In the glittery celebration of Christmas, we observe that Jesus breathed his first air in a grotty, forgotten stable but in reality it doesn’t often resonate with the mood of Christmas. Our cultural traditions urge us to do the opposite – we celebrate his birth with our families and communities in homes.
As Christmas moves onto Epiphany and exposes us to January (what a slog of a month!) perhaps now is the best time to take a second look at the stable and consider just how profound this act of God is.
At Christmas, God becomes homeless. It’s not just any home he’s leaving – it’s the perfect home of the Trinity, where the Father, Son and Holy Spirit do nothing but love each other. Jesus starts off life in poverty and exile. He chooses to side with all those who are abandoned, persecuted and forgotten by the powerful.
As an adult, He left home again to travel, “with nowhere to lay his head.” And at the heart of this journey from perfect home into the loneliness of the world is of course, His love for us. It’s the desire of the Father to bring us back home. In the pain and confusion of the last supper, Jesus comforts his disciples with this radical promise of home:
“Do not let your hearts be troubled. Believe in God, believe also in me. In my Father’s house there are many dwelling places. If it were not so, would I have told you that I go to prepare a place for you? And if I go and prepare a place for you, I will come again and will take you to myself, so that where I am, there you may be also”… “Those who love me will keep my word, and my Father will love them, and we will come to them and make our home with them.” (John 14: 1-4, 23)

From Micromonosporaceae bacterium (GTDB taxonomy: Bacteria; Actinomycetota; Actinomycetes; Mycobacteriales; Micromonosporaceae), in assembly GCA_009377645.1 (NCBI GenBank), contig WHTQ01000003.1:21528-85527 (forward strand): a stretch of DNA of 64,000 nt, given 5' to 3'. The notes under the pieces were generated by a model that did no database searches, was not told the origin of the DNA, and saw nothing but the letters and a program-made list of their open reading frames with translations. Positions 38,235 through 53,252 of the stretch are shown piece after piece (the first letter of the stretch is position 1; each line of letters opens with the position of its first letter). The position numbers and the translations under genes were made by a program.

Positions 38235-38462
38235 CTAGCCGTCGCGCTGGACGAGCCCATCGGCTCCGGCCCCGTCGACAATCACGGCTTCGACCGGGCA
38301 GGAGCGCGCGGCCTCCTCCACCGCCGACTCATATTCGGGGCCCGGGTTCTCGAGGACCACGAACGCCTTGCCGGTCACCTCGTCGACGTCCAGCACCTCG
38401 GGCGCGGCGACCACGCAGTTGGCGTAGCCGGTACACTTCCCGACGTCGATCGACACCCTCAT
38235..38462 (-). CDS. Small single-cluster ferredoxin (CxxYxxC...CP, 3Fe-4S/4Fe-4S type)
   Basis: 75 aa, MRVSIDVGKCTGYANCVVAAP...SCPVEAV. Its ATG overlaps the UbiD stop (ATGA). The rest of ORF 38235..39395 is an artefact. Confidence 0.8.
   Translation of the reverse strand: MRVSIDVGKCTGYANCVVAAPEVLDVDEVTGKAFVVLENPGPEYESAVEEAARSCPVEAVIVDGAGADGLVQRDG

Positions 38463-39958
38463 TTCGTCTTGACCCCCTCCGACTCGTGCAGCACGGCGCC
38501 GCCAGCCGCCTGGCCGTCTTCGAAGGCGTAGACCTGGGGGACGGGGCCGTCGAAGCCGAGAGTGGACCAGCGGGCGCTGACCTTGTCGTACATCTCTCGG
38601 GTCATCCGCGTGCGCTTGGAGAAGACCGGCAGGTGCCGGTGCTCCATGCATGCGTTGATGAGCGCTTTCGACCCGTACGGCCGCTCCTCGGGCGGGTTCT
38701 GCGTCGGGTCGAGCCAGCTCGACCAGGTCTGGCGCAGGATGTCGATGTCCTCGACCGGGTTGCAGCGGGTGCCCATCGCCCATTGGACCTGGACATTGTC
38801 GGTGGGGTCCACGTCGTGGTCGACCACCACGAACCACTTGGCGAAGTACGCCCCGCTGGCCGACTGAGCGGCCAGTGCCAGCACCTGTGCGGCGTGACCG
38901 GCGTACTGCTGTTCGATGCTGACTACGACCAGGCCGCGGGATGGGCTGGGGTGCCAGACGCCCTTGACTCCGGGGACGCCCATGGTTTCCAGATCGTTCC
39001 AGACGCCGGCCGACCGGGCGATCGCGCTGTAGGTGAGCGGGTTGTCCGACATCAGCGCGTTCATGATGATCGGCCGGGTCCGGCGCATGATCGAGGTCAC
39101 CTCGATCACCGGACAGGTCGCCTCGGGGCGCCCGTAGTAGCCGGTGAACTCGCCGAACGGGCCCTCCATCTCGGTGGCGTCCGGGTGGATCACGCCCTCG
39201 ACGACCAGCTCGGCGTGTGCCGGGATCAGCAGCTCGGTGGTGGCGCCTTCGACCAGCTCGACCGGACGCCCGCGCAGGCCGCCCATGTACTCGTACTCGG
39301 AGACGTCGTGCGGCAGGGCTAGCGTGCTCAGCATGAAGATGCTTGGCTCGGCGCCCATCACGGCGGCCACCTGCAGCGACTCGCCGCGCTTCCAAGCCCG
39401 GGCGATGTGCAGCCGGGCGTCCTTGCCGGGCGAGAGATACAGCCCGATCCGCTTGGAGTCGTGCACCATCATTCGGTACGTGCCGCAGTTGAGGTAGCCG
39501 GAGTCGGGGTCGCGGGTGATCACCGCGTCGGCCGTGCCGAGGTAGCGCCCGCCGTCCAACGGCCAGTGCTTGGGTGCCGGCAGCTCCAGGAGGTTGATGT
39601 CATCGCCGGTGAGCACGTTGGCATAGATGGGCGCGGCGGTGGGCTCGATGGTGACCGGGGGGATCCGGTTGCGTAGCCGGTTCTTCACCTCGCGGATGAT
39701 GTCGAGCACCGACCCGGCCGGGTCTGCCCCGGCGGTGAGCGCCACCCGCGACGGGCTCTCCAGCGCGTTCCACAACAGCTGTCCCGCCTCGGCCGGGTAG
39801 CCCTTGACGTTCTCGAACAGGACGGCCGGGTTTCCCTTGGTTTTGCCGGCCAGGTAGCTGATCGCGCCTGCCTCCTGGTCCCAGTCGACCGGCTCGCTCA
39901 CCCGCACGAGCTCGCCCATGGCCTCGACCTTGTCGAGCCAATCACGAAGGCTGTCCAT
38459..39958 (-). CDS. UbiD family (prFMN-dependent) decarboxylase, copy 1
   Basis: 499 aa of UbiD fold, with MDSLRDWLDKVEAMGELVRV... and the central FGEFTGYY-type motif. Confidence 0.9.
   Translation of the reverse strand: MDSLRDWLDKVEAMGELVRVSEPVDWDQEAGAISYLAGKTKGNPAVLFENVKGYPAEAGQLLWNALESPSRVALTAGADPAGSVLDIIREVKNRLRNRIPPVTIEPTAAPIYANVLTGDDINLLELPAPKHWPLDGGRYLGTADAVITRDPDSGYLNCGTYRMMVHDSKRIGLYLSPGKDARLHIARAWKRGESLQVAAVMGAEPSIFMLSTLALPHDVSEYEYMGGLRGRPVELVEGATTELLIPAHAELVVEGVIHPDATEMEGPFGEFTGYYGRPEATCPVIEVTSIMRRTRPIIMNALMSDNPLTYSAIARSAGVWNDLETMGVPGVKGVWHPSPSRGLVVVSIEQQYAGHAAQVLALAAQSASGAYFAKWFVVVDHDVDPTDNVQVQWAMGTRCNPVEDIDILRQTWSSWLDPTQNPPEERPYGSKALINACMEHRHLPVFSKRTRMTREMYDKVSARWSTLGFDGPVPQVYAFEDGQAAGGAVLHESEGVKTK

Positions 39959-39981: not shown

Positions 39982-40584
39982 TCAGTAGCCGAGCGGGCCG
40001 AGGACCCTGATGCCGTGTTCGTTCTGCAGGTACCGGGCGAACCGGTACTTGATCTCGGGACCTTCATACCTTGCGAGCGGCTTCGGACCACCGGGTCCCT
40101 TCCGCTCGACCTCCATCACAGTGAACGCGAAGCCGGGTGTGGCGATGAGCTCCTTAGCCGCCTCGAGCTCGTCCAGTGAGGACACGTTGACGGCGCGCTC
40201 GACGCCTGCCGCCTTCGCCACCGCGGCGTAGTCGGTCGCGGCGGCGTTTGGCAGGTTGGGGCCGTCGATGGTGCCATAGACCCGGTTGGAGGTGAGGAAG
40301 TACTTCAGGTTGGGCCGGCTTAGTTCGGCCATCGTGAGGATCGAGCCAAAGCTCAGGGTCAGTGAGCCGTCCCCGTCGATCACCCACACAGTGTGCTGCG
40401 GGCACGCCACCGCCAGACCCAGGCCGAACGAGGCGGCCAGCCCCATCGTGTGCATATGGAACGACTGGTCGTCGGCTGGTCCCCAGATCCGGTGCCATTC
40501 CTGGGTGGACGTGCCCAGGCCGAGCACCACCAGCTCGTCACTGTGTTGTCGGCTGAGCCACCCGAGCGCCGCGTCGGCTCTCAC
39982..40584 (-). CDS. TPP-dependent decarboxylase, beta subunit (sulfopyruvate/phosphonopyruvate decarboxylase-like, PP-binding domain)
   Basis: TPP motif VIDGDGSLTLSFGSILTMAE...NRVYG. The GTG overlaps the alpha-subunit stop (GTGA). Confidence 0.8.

We are all born with a longing for home. The good news of the Gospel is that this is not a longing which we should ignore, or push down but instead one which we can find in this story. The Father is waiting for all of his children to come home. The Son understands deeply what it means to be homeless. And we are given His Spirit now, God dwelling with and in us, in the uncomfortable in-between time before He completes his reconciliation.
In a few of weeks’ time, churches across the country will be marking Homeless Sunday. It’s a chance to stand and pray with people experiencing homelessness, to challenge the conditions that help create it and to celebrate the work of the people who tackle it.
We may not have all been homeless, or in housing need, but we are following a God who most definitely has been. He understands this pain. Yet there is also a challenge here: we follow a God who gave up his own comfort to comfort us – how can we follow his lead?
One tangible way to start is by taking action on homeless Sunday – click here for more resources, ideas and inspiration.